Monday, June 02, 2008

The Happiest Place in The World

The South Pacific country of Vanuatu has been voted the happiest place in the world so what makes its inhabitants such a happy lot?
The twin pillars of a classically happy life - strong family ties and a general absence of materialism - are common throughout this island nation
Jean Pierre John is living the dream. That popular fantasy of owning one's own island, complete with swaying coconut palms, coral sea and tropical forest, is his for real.
On the island called Metoma, in the far north of Vanuatu, Jean Pierre can look around and truly say that he is master of all he surveys.
This single fact would put Jean Pierre in an exclusive club, you would think, one made up of billionaire businessmen, royalty and rock stars.
But Jean Pierre is none of these things. In fact, he could not be more different.
On Metoma, Jean Pierre and his family live in thatched huts.
They have no electricity or running water, no radio or television, and their only mode of transport is a rowing boat, which pretty much limits them to trips to the neighbouring island.
On top of that, they have little money and few opportunities to make any.
No money?! Suddenly their island life does not sound all that glamorous. But here's the thing, the Johns really are happy.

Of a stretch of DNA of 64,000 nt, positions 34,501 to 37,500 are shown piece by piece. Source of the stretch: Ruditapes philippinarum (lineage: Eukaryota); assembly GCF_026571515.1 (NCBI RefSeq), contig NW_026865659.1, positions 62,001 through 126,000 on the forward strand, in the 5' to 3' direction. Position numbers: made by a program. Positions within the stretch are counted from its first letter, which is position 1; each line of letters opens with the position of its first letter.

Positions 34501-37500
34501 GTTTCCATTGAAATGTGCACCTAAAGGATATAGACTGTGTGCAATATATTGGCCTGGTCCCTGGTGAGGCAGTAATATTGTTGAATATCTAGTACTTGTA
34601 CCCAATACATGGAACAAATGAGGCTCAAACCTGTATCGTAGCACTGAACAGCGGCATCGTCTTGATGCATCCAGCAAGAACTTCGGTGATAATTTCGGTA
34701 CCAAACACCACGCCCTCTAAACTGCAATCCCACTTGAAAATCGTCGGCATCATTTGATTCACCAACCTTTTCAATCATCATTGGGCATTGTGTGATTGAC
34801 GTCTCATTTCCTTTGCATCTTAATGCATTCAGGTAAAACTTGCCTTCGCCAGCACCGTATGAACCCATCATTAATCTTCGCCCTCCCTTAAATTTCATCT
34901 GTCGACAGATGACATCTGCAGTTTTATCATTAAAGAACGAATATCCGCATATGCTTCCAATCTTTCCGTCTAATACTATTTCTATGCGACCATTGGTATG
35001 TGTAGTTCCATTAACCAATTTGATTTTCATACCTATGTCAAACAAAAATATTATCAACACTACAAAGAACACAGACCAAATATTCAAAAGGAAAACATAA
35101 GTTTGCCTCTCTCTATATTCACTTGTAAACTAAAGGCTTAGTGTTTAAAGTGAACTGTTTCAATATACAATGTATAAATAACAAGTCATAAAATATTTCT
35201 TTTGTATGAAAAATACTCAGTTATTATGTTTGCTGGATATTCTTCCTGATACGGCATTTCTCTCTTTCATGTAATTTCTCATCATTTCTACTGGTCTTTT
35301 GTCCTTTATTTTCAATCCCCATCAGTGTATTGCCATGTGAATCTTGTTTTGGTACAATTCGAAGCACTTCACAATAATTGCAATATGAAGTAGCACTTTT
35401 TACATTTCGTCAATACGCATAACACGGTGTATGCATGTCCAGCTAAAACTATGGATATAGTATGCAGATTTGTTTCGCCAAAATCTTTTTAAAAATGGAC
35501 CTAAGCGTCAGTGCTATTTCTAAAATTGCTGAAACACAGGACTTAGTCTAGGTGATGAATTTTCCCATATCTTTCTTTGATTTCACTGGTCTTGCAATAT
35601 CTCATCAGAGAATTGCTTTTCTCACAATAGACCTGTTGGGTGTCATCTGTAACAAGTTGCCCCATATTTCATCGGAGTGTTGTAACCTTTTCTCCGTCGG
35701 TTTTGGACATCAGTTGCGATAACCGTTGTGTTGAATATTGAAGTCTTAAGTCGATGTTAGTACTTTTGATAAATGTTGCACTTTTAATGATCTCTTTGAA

This may sound surprising but living on their island they want for nothing.
Local produce
All the family's food comes from on or around Metoma. Coconuts, yam, and manioc - their staple diet - are all grown on the island and then, of course, there is a sea full of fish to harvest.
And if fish protein gets boring, there is always the occasional fruit bat, from a colony that roosts on the island.
Indeed, food is so easy to gather that the family appears to have a lot of relaxation time.
When the Johns do have money - perhaps when they sell one of the few cows they own - they will buy soap powder and kerosene for their lamps.
But if not, they are just as happy to make do with island solutions - sticks which can be crushed to make soap and coconut oil in place of kerosene.
Some useful items are even washed up onto their island - buoys from boats are cut in half to make bowls and old fishing nets are recycled as hammocks.
It may sound like a Robinson Crusoe existence, and in many ways it is, but the Johns are not castaways. They live on Metoma out of choice.
Jean Pierre had not heard that Vanuatu had been voted happiest country in the world but, when I told him, he nodded in a knowingly happy sort of way
It is not as if they have not experienced some of the trappings of a more modern world.
Jean Pierre grew up on one of Vanuatu's larger islands and still makes the occasional visit. His eldest son, Joe, even went to school in the nation's capital.
In fact Joe, a very easy-going 28-year-old, had recently returned to Metoma to live full time and he told me that the only thing he missed was hip hop music, but that it was a small price to pay for living on the island.
No money worries
Jean Pierre had not heard that Vanuatu had been voted happiest country in the world but, when I told him, he nodded in a knowingly happy sort of way.
So what is his secret of happiness?